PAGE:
The Most Important Commands to Get Started

So, you've managed to create a GRASS database and location and to import some data, and now you want to actually do something with it ? This chapter will help you get going very quickly with some of the basic operations in GRASS. Again this is not to replace further going sections later in this documentation, but only to allow you to plunge into the fun as quickly as possible.

Basic tasks and their commands

Using the GUI

GRASS has a graphical user interface written in Tcl/Tk, the GIS Manager. This functions as a front end to all the GRASS modules. To start it type d.m& (the '&' allows you to keep on using the GRASS shell). The GIS Manager generate automatically a GUI for every modules. You can browse menus or type the name of a command without argument to lauch them.

For more information, see the chapter called Graphical User Interface.

Managing your maps

In order to list, copy and remove your maps, you can use g.list, g.copy, and g.remove. In the GIS Manager, these commands are in the GIS->Manage maps and grid3D files menu.

For more information, see the chapter called Manage your data.

Setting the region

Before dealing with anything concerning your map, you should make sure that the region is set correctly. To do so, use the command g.region. Type g.region vect=NameOfYourVectorMap or g.region rast=NameOfYourRasterMap. This will set the 'current' region to the extension and the resolution of your map. Use g.region -p to display the current region settings.

You can access region settings in GIS->Region menu of the GIS Manager.

For more information, see the chapter called The GRASS Region.


The easiest way to do this is with the GIS Manager that you can start with the command d.m& (the '&' allows you to keep using the GRASS shell at the same time). You can add raster or vector layer using appropriate button on the buttons bar - respectively 10th and 11th button from left. After, you can choose the layer name by clicking on the "Raster name:" or "Vector name:" button in the lower part of the interface. Click on the first button of the buttons bar to display selected layers.

If you are more of the command line type, or don't want to use d.m for other reasons, GRASS provides you with all the commands needed for a happy experience. Launch a GRASS monitor with d.mon x0. Then, run d.rast or d.vect, depending on the type of map you want to display: d.rast NameOfYourRasterMap or d.vect NameOfYourVectorMap and your beauty should come up on the monitor. If you wish to erase the GRASS monitor use d.erase.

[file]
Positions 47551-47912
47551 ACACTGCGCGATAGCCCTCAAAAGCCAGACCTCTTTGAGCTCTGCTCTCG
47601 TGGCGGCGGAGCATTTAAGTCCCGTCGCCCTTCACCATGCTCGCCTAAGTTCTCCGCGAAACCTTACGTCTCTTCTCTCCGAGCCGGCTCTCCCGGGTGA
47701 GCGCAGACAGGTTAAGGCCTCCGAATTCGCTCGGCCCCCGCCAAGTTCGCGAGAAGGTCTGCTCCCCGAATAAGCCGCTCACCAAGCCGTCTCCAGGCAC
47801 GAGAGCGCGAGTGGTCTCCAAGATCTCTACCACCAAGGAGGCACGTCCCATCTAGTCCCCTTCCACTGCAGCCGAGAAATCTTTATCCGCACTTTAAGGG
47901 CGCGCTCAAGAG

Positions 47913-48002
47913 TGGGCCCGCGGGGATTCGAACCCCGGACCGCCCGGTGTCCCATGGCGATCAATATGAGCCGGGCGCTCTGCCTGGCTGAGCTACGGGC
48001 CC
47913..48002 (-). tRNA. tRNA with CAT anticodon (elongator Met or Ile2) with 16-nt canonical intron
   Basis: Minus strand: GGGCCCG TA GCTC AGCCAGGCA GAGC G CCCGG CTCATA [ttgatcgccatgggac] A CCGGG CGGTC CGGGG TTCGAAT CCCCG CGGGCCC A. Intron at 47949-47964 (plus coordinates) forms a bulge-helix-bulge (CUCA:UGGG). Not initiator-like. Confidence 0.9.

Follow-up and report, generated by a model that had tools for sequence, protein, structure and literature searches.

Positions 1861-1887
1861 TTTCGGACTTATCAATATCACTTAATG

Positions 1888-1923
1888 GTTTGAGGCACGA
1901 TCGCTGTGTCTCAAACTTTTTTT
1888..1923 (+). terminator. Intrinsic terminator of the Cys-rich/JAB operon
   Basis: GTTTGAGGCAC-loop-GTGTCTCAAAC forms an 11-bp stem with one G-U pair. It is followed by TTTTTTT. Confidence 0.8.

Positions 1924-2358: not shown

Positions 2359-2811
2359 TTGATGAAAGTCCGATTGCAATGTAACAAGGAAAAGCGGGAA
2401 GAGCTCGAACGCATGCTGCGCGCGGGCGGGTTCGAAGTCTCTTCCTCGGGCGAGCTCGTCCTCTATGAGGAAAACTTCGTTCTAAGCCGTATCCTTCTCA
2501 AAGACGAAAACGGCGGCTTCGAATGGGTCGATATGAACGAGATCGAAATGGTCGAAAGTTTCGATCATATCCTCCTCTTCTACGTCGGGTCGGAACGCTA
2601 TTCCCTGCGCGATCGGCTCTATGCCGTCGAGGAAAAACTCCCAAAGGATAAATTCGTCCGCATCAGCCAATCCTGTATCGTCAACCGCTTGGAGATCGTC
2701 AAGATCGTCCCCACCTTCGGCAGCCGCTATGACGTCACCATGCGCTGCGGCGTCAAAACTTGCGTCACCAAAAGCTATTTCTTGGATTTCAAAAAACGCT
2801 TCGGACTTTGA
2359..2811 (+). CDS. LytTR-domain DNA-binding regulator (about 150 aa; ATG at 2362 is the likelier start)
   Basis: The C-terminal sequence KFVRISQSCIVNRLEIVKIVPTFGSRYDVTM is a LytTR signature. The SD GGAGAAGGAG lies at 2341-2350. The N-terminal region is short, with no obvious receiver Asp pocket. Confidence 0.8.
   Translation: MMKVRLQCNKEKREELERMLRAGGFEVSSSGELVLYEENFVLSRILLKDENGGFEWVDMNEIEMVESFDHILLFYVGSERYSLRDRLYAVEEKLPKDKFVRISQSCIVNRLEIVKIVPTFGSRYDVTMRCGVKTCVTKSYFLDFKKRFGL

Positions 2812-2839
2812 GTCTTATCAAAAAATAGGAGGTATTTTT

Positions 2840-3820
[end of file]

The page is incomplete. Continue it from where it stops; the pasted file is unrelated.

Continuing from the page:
All these commands can also be launched from the GIS Manager. To start a monitor go to Display->Start displays->X0. To display a map go to Display->Display raster/vector maps. To erase the monitor go to Display->Erase active display/frame to selected color.

If you imported a raster file and GRASS created three files named NameOfYourRaster.1, NameOfYourRaster.2, and NameOfYourRaster.3, these probably represent the three bands of an RGB image. In that case, change the color map of these three files to greyscale (thus making the "intensities" of grey represent the "intensities" of the respective colors), using r.colors. For each of the three maps type r.colors map=NameOfYourRaster col=grey. Then you can use d.rgb to display the image: d.rgb r=NameOfYourRasterMap.1 g=NameOfYourRasterMap.2 b=NameOfYourRasterMap.3. In the GIS Manager go to Raster->Manage map colors->Set colors to predefined color tables and chose 'grey' in the list "Type of color table". Then display with Display->Display raster maps->Display RGB overlays.

For more information, see the chapter called Displaying Maps.

Zooming and panning

Use d.zoom for zooming and panning. (Beware: this resets your region settings !)

Getting help

You can get help with the g.manual command.


If you wish to exit GRASS, close the open monitors either by clicking on the close button or by using d.mon stop=x0, replacing 'x0' with the name of whatever monitor you opened. In the GIS Manager go to Display->Stop displays. Then you can simply type exit in the command line and GRASS will close down.

So much for some very basic GRASS usage. For the rest, keep on reading this tutorial, have a look at the rest of the GRASS Documentation Project and study the GRASS manual pages.